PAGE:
To identify disproportionate-share practice sites, we ranked the sites on each sociodemographic case-mix index (race/ethnicity and economic). Because the distribution of the case-mix indices was skewed, with little variation among practices in the bottom 80% of each distribution, we classified practice sites with index scores above the 80th percentile on each index as disproportionate share. Supplementary analyses using alternative cutoffs at the 75th and 90th percentiles yielded results substantively similar to our main findings (results not shown).
Data from the survey of practice site structural capabilities were classified as described elsewhere.20 For survey items assessing the presence of a structural capability, we collapsed responses of no and don't know into a single no category. For each survey item with more than 2 ordinal response categories, we created a dichotomous variable using the median of the response distribution. For ease of presentation, we dichotomized practice site size at 4 or fewer or at more than 4 physicians (the median).
We assessed the effect of survey nonresponse using Wilcoxon rank sum and Fisher exact tests to compare responding and nonresponding practices on median size, percentage with network affiliation, and median prevalence of patients with each of the 7 geocoded sociodemographic characteristics. Responding and nonresponding practices were similar with respect to median size, percentage with network affiliation, and estimated prevalence of each sociodemographic case-mix variable (eTable).
To assess the bivariate relationships between practice structural capabilities and sociodemographic case-mix, we constructed logistic models, each with the presence of a single structural capability as the dependent variable and minority race/ethnicity disproportionate-share status as the independent variable. Because network-affiliated practices were clustered within networks, statistical tests that assume independence of observations (eg, χ2 tests of categorical data) were unavailable to us. The main analyses were therefore based on regression models fit using generalized estimating equations with exchangeable working correlation structures and empirical standard errors to adjust estimated variances for clustering of observations within networks.31,32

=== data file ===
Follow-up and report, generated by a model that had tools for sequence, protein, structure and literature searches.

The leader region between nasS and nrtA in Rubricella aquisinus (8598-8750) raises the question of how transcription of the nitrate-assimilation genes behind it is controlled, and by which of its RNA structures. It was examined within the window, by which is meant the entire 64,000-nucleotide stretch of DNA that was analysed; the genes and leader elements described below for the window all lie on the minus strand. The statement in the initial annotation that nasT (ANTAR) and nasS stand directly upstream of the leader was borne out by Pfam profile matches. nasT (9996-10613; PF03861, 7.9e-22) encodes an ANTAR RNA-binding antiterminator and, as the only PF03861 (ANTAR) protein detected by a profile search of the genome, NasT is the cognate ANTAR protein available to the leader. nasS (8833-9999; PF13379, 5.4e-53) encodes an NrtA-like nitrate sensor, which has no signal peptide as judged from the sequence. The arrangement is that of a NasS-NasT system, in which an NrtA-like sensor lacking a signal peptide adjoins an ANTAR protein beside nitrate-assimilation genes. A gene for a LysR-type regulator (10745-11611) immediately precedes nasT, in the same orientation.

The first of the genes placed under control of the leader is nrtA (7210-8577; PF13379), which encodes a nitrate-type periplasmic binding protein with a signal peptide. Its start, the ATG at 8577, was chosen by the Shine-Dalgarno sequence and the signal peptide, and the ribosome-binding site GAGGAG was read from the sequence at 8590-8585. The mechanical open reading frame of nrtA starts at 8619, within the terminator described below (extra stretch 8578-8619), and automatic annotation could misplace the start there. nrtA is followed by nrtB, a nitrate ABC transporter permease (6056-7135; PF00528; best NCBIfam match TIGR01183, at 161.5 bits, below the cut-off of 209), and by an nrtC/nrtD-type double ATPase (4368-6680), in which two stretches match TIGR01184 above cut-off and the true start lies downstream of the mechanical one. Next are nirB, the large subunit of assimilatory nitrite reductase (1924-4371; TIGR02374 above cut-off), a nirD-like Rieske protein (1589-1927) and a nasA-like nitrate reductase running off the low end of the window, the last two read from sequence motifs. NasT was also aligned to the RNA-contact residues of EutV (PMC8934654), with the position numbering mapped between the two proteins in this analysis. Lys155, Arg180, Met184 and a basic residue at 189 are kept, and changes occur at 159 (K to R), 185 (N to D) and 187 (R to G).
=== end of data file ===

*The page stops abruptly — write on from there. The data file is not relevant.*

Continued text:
We then repeated these models using economic disadvantage disproportionate-share status as the independent variable. To address potential confounding by other practice site characteristics (size, network affiliation, teaching status, multispecialty status, and practice geographic location), we repeated the regression models, controlling for 1 potential confounder at a time. Put another way, these models account for the possibility that if observable practice characteristics mediate a relationship between disproportionate-share status and structural capabilities in Massachusetts, these mediating characteristics may have different distributions in other geographic settings.